Researchers Explain What Happens To Your Brain When You Learn Something New

Researchers Explain What Happens To Your Brain When You Learn Something New

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I have fought against the idea that just because I’m older I can’t reform my old mentalities, use new inventions, or learn something new.  Case in point, I took up mobile gaming of RPG’s and strategy games, learned how to play trading card games, let go of my old biases about anime, and questioned my mentalities about societal norms and beliefs.

I even started to learn how to play the guitar.  All within the past five years.

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I wholeheartedly believe that we all are a work in progress and that we need to be able to move beyond the past and view the future as promising.  The advantages of being mentally flexible are numerous.

For starters, the ability to learn something new enhances our health on multiple levels and can aid us in preventing certain diseases. It can even decrease, or repair, effects of trauma.  We can go to researchers to explain what happens to your brain when you learn something new.

Defining neuroplasticity and a brief history

The wonderful gift that our brain can change or adapt throughout our lives is otherwise known as neuroplasticity.  Neuroplasticity is the process by which our brain can create new relationships between neurons.  Neuro refers to our neurons, or brain cells.  Plasticity, as defined in Sharp Brains, “is the capacity of the brain to change with learning.”   This process starts while we are still in the womb and can continue for all of our lives.

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Neurogenesis is a word describing the ability of our brains to grow new neurons.  This ability negates the previous idea from scientists that at a certain age, our cells can no longer learn, but instead, die off.

The idea that our brain cells are incapable of change was believed up until the 1960s despite being theorized back in 1890 by psychologist William James.  He published his thoughts in his book The Principals of Psychology.

In the 1960s, researchers began studying adults who had survived massive strokes and yet were able to regain skills lost from the stroke.  This study sparked the idea of our brain cells being capable of forging new paths, including after a trauma.

Now we know it is possible to not only change the paths of our neurons but to grow new ones.   Between neurogenesis and neuroplasticity, we can not only upgrade our brain’s software, but also our hardware.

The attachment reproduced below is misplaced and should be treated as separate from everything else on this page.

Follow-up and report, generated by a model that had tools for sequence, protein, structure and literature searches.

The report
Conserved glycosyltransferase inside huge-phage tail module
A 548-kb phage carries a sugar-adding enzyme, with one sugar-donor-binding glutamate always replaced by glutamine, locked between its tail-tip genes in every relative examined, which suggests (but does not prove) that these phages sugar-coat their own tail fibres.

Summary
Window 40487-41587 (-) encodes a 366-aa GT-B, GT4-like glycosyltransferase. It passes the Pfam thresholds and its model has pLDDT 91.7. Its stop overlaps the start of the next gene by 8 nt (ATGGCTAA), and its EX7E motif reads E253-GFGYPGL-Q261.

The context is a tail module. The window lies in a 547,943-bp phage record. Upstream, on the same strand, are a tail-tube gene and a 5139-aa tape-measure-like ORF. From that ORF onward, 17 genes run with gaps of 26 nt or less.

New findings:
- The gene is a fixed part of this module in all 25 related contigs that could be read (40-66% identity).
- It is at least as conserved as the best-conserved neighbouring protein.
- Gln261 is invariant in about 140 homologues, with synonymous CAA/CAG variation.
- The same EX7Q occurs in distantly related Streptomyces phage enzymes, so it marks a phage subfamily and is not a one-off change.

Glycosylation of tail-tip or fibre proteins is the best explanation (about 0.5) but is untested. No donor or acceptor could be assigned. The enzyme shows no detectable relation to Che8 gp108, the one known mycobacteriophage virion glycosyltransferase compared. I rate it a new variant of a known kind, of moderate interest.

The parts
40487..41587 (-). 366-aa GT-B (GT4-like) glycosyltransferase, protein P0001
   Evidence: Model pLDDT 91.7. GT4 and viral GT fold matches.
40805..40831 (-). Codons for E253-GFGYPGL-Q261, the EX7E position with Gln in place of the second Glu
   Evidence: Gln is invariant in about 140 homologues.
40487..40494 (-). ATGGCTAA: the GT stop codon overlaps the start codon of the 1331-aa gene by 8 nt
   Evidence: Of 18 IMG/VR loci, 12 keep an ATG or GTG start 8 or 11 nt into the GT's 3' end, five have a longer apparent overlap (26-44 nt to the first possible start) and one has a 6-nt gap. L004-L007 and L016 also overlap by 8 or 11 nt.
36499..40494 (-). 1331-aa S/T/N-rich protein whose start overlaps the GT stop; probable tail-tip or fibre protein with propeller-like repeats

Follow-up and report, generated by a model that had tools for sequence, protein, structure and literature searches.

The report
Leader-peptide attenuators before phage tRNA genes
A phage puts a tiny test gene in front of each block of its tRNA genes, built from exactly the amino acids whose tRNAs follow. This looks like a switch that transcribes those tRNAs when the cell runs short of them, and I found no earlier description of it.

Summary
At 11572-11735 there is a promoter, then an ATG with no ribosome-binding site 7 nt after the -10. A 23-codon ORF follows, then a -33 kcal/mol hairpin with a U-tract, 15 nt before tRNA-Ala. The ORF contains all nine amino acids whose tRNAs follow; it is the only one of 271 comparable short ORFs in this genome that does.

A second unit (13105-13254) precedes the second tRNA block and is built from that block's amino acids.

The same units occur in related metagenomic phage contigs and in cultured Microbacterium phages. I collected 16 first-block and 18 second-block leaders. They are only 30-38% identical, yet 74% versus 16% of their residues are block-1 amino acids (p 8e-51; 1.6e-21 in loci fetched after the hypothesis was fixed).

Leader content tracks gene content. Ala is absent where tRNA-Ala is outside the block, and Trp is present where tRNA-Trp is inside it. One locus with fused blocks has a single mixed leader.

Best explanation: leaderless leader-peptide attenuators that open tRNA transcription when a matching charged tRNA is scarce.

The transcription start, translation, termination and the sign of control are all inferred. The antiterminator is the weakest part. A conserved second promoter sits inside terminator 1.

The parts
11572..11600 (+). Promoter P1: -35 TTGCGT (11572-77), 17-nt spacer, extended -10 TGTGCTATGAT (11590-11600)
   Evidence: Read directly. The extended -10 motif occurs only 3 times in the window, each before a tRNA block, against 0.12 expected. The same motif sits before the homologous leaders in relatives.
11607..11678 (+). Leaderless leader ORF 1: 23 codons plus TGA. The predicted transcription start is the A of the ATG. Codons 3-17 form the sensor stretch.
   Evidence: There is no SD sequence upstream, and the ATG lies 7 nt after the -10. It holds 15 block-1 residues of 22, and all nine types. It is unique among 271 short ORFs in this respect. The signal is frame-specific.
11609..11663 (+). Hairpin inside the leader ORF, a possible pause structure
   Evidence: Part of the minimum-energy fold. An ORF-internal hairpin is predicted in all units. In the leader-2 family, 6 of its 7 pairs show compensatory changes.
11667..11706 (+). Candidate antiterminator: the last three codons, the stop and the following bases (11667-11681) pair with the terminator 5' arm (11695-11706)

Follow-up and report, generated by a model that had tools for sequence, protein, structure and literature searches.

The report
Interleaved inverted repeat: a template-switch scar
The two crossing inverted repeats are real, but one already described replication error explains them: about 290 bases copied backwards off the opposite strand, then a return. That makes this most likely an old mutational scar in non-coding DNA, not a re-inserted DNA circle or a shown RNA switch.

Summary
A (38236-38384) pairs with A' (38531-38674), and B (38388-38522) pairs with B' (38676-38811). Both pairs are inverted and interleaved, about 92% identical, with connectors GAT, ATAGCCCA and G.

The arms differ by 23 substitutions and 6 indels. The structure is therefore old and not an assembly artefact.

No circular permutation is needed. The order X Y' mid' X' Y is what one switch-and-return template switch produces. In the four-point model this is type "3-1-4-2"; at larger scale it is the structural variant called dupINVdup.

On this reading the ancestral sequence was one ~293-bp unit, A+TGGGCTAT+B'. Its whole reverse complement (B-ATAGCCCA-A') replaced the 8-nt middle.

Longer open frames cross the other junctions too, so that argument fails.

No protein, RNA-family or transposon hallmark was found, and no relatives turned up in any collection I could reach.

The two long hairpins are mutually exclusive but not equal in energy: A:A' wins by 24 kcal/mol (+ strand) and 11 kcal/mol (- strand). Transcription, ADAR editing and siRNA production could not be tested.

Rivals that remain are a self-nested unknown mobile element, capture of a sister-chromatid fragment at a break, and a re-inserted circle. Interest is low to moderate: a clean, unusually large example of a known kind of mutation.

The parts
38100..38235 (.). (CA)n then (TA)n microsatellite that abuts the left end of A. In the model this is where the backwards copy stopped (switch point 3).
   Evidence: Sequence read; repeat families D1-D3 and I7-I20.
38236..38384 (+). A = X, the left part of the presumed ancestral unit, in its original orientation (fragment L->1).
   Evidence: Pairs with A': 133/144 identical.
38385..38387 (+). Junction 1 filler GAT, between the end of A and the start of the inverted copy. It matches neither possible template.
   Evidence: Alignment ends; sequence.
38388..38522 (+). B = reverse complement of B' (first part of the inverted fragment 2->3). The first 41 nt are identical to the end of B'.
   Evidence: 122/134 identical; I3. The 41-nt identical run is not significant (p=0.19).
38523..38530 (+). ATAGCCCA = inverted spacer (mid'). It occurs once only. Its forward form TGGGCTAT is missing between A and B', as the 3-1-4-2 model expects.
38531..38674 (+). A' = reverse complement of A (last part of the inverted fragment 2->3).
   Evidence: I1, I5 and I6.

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Effects of expanding knowledge on our brain

When we expand our knowledge of a specific skill, the portion of our brain that utilizes those skills will enlarge.  Our brain is like a muscle that if you focus on one part of it, it strengthens the corresponding brain area.  This is very similar to lifting weights by focusing on one muscle of the body. Examples sited in Sharp Brains include:

  • Our hippocampus is the area of our brains that acquires and utilizes spatial information to navigate. This was shown to be evident in London Taxi drivers who navigate various routes in comparison to bus drivers who follow a set path.
  • The left inferior parietal cortex grows larger in those who speak more than one language.
  • Gray matter, or the cortex, increases in professional musicians who practice for one or more hours a day when compared to amateur musicians or non-musicians. Several areas were affected including motor regions, anterior superior parietal area, and inferior temporal areas.
  • Medical students during exam periods have shown changes in the parietal cortex and the posterior hippocampus. Both regions are associated with the ability to recall memory and learning.

Traits of Neuroplasticity

As with anything else, there are certain characteristics of neuroplasticity:

  • While age does not limit the potentiality of learning new things, it does have an effect. A toddler, for example, will create new neural pathways far faster than someone in their 50’s.
  • Plasticity has two methods in which it takes effect.
  • Structural plasticity is the change created when we learn something new, whether it is due to an experience, a new hobby or skill, or learning information similar to a student.
  • Functional plasticity is the act of the brain utilizing an undamaged section of the brain to compensate for a damaged portion.
  • Your environment and genetics do play a role in how well your brain adapts and learns.
  • It isn’t just the neurons that allow for plasticity. Two of the additional cells it requires are:
    • Glial cells, which surround the neurons to insulate and support the neurons.
    • Vascular cells, which provide proper blood flow to bring nutrients and energy to the neurons and the brain in general.
  • As wonderful as plasticity is, it can also be a reflection of changes in the brain due to drugs and certain diseases or conditions.

Benefits of brain plasticity to heal the brain and prevent damage

If you have ever witnessed a stroke victim recover their capabilities, you have seen the brain at work after trauma.

Whether you have suffered a brain injury due to a stroke, car accident, concussion, etc. your brain, over time, will do everything in its power to rebuild.

Stages of healing after a trauma or brain injury

Healing or recovery after a horrible event or condition takes time.  Just like our body, our brain need time to heal and format a method of recovery.  In their book, Translational Research in Traumatic Brain Injury, researchers Su, Veeravagu, and Grant break down the steps by which the brain reacts and recovers from a brain injury.

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